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Number of Quakes
    Graph Style    
This graph shows earthquakes that have happened in the past four days (approximately). 

The graph you are currently viewing (that is hidden by this help information) is showing the
total strength of recent earthquakes

Instead of just displaying the points normally on the graph, what you see below is
known as a 'linear regression'
. The point of this is to find a straight line through the
points that best 'fits' those points. At the bottom of the graph, you can see a percentage
that indicates just how good the 'fit' actually is.

If the line is heading up, you have an indication that earthquakes are increasing. If the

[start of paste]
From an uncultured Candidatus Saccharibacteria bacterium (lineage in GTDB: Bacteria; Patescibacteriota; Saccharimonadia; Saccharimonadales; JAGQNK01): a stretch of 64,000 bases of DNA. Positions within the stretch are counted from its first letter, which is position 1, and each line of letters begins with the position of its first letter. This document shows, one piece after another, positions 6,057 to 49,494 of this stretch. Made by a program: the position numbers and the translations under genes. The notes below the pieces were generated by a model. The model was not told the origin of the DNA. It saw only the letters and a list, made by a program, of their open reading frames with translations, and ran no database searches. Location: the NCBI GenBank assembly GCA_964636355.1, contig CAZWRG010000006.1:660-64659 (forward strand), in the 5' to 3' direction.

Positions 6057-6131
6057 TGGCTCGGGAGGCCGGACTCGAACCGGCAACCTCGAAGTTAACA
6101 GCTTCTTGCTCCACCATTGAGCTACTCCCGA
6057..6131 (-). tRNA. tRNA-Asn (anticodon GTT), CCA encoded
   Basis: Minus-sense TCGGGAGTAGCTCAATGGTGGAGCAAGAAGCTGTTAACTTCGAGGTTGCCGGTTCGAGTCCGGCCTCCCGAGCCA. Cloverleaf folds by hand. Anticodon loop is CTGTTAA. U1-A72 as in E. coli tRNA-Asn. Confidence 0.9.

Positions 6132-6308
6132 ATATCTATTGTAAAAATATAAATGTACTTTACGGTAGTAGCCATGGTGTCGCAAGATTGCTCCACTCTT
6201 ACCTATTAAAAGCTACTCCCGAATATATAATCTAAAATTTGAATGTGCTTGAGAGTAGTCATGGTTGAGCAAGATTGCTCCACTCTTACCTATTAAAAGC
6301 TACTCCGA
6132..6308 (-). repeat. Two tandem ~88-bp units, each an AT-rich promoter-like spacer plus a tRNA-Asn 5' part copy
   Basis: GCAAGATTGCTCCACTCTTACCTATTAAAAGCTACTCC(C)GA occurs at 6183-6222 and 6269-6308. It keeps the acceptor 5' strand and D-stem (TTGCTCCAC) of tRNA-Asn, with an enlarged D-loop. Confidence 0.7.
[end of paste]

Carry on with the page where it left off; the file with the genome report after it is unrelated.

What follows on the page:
line is heading down, you have an indication that earthquakes are decreasing.

You can experiment with other ways of viewing this earthquake information by clicking on
the four different menu options to the left and top of the graph:

Data to Graph - Change this to be 'Number of Quakes' to see how many earthquakes
ocurred, to 'Total Strength' to see the absolute strengths of the earthquakes that
happened, or to 'Total Magnitude' to the sizes of earthquakes on the Ritcher scale.

Graph Style - This menu item allows you to see either the raw information (first option),
earthquakes, or to choose between two different ways of examining the trend over time.

Unfortunately, the USGS NEIC has (without any notice, explanation, or alternatives) stopped publishing data. This means that our Earthquake analysis is currently offline. We are investigating other sources of data, and will bring back our service as soon as possible.

You will still be able to use the 'historical' section to view past activity, but no new activity will be added until we can identify a viable alternative source of data.